“Yes, but there is GOD”
“My soul, wait thou only upon God; for my expectation is from him. He only is my rock and my salvation: he is my defense; I shall not be moved. In God is my salvation and my glory: the rock of my strength, and my refuge, is in God” (Ps. 62:5–7).
The greatest lesson a soul has to learn is that God, and God alone, is enough for all its needs. This is the lesson that all God’s dealings with us are meant to teach, and this is the crowning discovery of our entire Christian life. GOD IS ENOUGH!
No soul can really be at rest until it has given up dependence on everything else and has been forced to depend on the Lord alone. As long as our expectation is from other things, nothing but disappointment awaits us. Feelings may change, doctrines and dogmas may be upset, the Christian work may come to nought, prayers may seem to lose their fervency, promises may seem to fail, everything that we have believed in or depended on may seem to be swept away, and only God is left—just God, the bare God, if I may be allowed the expression, simply and only God.
If God is what He would seem to be from his revealings; if He is indeed the “God of all comfort”(2 Cor. 1:3); if He is our Shepherd; if He is really and truly our Father; if, in short, all the many aspects He has told us of His character and His ways are actually true, then we must come to the positive conviction that He is, in himself alone, enough for all our needs and that we may safely rest in Him absolutely and forever
The thing that helped me most to come to a conviction that God was really enough for me
was an experience I had some years ago. It was at a time in my religious life when I was passing through a great deal of questioning and perplexity. There happened to be staying near me for a few weeks a lady who was considered to be a deeply spiritual Christian and to whom I had been advised to apply for spiritual help. I summoned my courage and went to see her and poured out my troubles, expecting that she would be at great pains to do all she could to help me.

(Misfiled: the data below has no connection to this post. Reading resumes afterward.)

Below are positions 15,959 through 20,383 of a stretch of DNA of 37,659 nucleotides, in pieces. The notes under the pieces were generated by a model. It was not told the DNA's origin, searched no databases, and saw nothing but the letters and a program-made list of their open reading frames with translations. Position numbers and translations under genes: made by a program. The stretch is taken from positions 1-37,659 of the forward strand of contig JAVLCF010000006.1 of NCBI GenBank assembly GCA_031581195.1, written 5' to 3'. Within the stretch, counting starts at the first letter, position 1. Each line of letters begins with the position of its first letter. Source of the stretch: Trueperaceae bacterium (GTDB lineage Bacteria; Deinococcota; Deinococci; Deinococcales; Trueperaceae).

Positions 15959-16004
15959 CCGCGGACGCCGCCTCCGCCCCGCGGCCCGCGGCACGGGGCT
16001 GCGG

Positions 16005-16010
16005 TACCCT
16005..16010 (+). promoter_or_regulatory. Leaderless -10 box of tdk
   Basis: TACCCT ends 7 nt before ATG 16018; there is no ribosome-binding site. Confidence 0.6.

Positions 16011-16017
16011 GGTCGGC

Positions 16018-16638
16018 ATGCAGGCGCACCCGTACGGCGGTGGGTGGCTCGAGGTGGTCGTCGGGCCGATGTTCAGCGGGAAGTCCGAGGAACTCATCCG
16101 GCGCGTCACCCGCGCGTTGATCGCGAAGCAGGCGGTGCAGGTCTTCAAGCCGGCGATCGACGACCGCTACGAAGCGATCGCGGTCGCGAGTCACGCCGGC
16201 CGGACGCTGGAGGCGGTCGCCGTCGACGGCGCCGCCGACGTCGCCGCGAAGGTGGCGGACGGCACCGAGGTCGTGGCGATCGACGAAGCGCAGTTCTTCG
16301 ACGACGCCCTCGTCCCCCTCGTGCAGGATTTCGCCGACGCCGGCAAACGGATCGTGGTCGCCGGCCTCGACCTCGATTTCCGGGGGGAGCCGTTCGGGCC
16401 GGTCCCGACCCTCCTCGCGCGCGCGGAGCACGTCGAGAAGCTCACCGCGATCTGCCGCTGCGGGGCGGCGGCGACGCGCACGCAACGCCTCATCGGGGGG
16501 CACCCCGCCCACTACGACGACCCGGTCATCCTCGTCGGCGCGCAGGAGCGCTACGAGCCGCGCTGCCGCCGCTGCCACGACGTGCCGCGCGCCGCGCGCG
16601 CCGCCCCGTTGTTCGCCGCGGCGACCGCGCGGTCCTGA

She listened patiently, but when I had finished my story and had paused, expecting sympathy and consideration, she simply said, “Yes, all you say may be very true, but then, in spite of it all, there is God.” I waited a few minutes for something more, but nothing came, and my friend and teacher had the air of having said all that was necessary. “But,” I continued, “surely you did not understand how very serious and perplexing my difficulties are.” “Oh yes, I did,” replied my friend, “but then, as I tell you, there is God.” And I could not induce her to make any other answer.
It seemed to me most disappointing and unsatisfactory. I felt that my peculiar and harrowing experiences could not be met by anything so simple as the mere statement, “Yes, but there is God.”
From “God is Enough” Hannah Whitall Smith - 1832–1911
Smith, H. W., Dieter, M. E., & Dieter, H. A. (1986). God is enough. New York: Random House.